Full genome transcriptome analysis of the Csbm/m/Xpa−/− mouse liver, aiming at unraveling the etiology of the severe double-mutant phenotype, led us to identify significant genome-wide parallels between the 2-wk-old Csbm/m/Xpa−/− and 130-wk, but not 16-wk-old, wt animals at the fundamental level of gene expression. This resemblance was largely attributable to the substantial down-regulation of genes associated with processes implicated in oxidative energy and growth metabolism that were previously revealed by others to represent a conserved transcriptional response in ageing [28].

The down-regulation of genes associated with the GH/IGF1 growth axis in the liver, the systemic reduction in GH receptor mRNA levels, and the impaired Igf1 gene expression in liver and other tissues (resulting in low serum IGF1 levels) likely underlie the postnatal growth defect in Csbm/m/Xpa−/− pups. These changes were not due to reduced GH serum levels or pituitary abnormalities. A steady decline in the GH/IGF1 somatotroph axis was also observed in rodents and humans during natural ageing [40]. Furthermore, Csbm/m/Xpa−/− pups failed to up-regulate metabolism; instead, they displayed a sharp systemic reduction in the expression levels of genes involved in glycolysis, tricarboxylic acid cycle (including decreased citrate synthase activity), and oxidative respiration, which coincided with the onset of weight loss (cachexia). In addition, Csbm/m/Xpa−/− pups up-regulated genes associated with glycogen and fatty acid synthesis, leading to increased hepatic glycogen storage and fat accumulation (steatosis) and pronounced hypoglycemia. Simultaneously, subcutaneous fat tissue was virtually absent. Given that in mammals, the GH/IGF1 signaling pathway is one of the major regulators of energy homeostasis to integrate metabolism with growth [30,41,42], it is tempting to speculate that reduced IGF1 signaling is responsible for the postnatal metabolic shift and growth defect seen in Csbm/m/Xpa−/− mice. Interestingly, several CS patients have been previously reported with hypoglycemia and low IGF1 serum levels [43,44], low metabolic rate [45], and abnormal fat deposition [46].

Paradoxically, however, the systemic suppression of the somatotrophic axis and energy metabolism, along with the up-regulation of antioxidant defenses, low IGF1 serum levels, and low blood glucose levels observed in the Csbm/m/Xpa−/− mouse, are all associated with increased longevity rather than with the short lifespan of this mouse model. In lower paradigms for lifespan extension (C. elegans, D. melanogaster), genetic interference in the insulin-signaling pathway can prolong life multi-fold [47,48]. In mammals, IGF1-deficient, Ames and Snell dwarf mice (characterized by defects in the development of the anterior pituitary due to mutations in the Prop-1 and Pit1 loci and diminished levels of GH, thyroid stimulating hormone, and prolactin hormone) combine hypoglycemia, low body temperature, and increased storage of carbohydrates and lipids [40,42] with up-regulation of antioxidant defense capacity and extended lifespan [49,50]. Conversely, GH-overexpressing transgenic mice display reduced lifespan and antioxidant responses [51]. These findings have also been recently confirmed by our identification of genome-wide parallels between the extremely short-lived DNA repair mutants (Csbm/m/Xpa−/− and Ercc1−/−) and the extremely long-lived Ames and Snell dwarfs and growth hormone receptor knockout (Ghr−/−) mice (Garinis et al. manuscript in preparation). Last but not least, IGF1 plasma levels decline with age in humans and rodents [5254]. Along with this hormonal shift, ageing cells surmount an intricate antioxidant defense response [55,56] that is thought to prevent the detrimental consequences of oxidative stress. Interestingly, the progressive, age-related decrease in the somatotroph axis has been suggested to confer a selective advantage by postponing the onset of age-related disease and prolonging lifespan through the reduction of toxic free radicals [40].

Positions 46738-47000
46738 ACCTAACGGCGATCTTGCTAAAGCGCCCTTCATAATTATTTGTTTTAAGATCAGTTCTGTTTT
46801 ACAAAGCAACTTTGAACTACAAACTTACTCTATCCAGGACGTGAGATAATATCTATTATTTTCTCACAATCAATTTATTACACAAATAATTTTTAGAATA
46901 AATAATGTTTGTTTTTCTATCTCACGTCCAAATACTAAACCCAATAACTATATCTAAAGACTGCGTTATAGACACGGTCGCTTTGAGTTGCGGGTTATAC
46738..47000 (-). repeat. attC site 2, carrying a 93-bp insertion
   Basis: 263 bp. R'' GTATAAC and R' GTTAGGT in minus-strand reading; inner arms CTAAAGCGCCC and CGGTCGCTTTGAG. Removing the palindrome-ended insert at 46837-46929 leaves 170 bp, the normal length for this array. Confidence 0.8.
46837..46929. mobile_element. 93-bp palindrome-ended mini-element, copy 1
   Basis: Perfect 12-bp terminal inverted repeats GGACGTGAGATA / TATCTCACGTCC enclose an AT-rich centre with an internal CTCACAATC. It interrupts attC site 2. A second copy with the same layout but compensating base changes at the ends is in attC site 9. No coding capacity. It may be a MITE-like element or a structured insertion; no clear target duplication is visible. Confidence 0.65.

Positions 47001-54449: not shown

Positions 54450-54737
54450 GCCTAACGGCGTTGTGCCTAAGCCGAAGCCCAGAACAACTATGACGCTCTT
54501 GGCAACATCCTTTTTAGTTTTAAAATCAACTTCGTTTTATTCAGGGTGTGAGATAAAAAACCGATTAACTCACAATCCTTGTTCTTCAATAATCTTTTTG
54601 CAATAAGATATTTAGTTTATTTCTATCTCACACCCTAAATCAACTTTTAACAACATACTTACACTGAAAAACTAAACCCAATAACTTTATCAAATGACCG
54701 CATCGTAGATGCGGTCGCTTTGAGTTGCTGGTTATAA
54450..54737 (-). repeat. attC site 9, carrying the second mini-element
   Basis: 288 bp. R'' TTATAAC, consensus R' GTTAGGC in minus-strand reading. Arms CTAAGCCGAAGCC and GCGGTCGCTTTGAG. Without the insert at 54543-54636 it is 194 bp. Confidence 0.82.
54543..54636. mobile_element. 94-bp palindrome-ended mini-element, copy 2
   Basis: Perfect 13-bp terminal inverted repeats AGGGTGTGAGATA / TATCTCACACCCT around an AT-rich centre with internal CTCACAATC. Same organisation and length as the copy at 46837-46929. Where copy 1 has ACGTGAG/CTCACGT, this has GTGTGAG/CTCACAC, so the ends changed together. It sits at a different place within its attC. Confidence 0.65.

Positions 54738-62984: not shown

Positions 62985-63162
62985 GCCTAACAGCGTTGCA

How would repair-deficient mice benefit from such a response? During development, the mitogenic action of GH and IGF1 fuels cellular metabolism, thereby promoting tissue growth and function [40,57,58]. A high metabolic activity, however, leads to higher oxygen consumption [40] and may also increase the ROS burden through the parallel increase of mitochondrial electron transport, peroxisomal fatty acid metabolism, and/or microsomal cytochrome P-450 enzymes [59]. Despite antioxidant defense and DNA repair, oxidative DNA damage will still accumulate, leading to transcriptional stress, impaired replication, cellular senescence, malfunction or death and eventually to progressive loss of tissue homeostasis and organismal decline (Figure 9, model). We hypothesize that complete abrogation of NER (by inactivation of Xpa) renders TCR-deficient Csbm/m mice unable to adequately cope with the increased burden of DNA damage in the transcribed strand of active genes. This triggers an adaptive response; i.e., reduction of metabolic activity through down-regulation of the GH/IGF1 axis to relieve the pressure on their genome. We interpret this as an attempt to limit the deleterious effects of arrested transcription, such as cellular senescence and death causing accelerated ageing. As a consequence, the initially normal growth becomes arrested soon after birth, leading to severe growth retardation. This scenario provides a plausible explanation for the growth defect in CS patients. However, this response is unable to fully compensate for the repair defect, and thus damage still accumulates to critical levels and triggers apoptosis and/or senescence, thereby leading to ageing-associated pathology such as neurodegeneration (as illustrated by the photoreceptor cells in Csbm/m/Xpa−/− mice).

Figure 9. The Proposed Link between DNA Damage and the Decline of the GH/IGF1 Somatotroph Axis